Coronavirus vaccine: lessons from the 19th-century smallpox anti-vaxxer movement

There is hope a coronavirus vaccine might be ready by the end of the year. But for it to eliminate COVID-19 a critical mass of people must be vaccinated. And if the protective benefits of a COVID-19 vaccine fall off rapidly (as seems to happen with naturally acquired antibodies) maintaining immunity will require multiple vaccinations. So unless people keep renewing their jabs, the critical mass will decline quickly.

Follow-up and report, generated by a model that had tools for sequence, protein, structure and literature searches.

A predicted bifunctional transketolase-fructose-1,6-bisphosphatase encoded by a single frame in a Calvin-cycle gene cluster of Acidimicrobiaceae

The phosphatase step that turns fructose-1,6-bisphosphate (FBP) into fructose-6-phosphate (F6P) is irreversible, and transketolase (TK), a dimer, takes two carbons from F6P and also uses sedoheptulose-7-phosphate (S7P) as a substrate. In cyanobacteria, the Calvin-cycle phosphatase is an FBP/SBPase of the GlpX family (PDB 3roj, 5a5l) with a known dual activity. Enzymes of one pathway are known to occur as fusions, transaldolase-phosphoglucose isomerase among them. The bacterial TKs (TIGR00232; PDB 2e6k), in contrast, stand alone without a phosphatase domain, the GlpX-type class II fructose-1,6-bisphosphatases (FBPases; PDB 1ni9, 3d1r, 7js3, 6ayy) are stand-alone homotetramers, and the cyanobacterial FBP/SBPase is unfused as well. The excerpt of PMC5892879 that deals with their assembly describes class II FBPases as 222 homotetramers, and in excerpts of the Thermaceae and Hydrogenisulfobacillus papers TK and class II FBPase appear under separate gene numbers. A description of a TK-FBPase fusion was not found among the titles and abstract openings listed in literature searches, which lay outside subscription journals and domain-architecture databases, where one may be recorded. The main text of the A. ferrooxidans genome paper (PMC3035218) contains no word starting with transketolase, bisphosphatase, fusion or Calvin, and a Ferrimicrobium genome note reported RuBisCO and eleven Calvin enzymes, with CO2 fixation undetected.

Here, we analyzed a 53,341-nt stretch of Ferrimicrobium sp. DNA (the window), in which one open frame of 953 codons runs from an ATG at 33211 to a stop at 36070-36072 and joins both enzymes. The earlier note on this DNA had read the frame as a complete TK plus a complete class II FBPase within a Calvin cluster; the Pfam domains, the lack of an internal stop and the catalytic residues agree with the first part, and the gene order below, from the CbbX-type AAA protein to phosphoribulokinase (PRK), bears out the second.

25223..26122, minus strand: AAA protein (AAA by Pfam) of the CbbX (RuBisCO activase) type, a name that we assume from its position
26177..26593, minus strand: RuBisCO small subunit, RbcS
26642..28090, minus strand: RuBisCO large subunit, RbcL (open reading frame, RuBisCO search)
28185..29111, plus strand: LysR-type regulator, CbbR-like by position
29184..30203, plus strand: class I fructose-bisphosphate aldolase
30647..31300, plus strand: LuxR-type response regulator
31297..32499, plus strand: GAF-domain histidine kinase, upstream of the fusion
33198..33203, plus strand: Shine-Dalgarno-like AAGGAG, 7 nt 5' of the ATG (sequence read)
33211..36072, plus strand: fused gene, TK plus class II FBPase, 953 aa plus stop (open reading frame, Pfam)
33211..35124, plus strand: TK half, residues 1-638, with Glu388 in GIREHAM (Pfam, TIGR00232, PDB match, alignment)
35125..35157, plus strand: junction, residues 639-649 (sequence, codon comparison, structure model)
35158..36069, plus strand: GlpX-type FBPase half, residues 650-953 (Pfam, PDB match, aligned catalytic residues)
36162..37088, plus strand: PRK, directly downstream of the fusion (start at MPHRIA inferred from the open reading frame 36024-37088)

How will politicians ensure critical mass and renewal? For UK prime minister Boris Johnson (who labels those who oppose vaccination as “nuts”) and others, vaccination is a matter of duty. There is a logical case (we know people who have died or suffered badly from COVID-19) and a moral case (to protect others if not yourself).

Yet anti-vaccination sentiment focused on the rights of citizens not to act is clear. A recent poll of 2,000 people across the UK found that 14% would refuse to take a vaccine. …

Source: Coronavirus vaccine: lessons from the 19th-century smallpox anti-vaxxer movement


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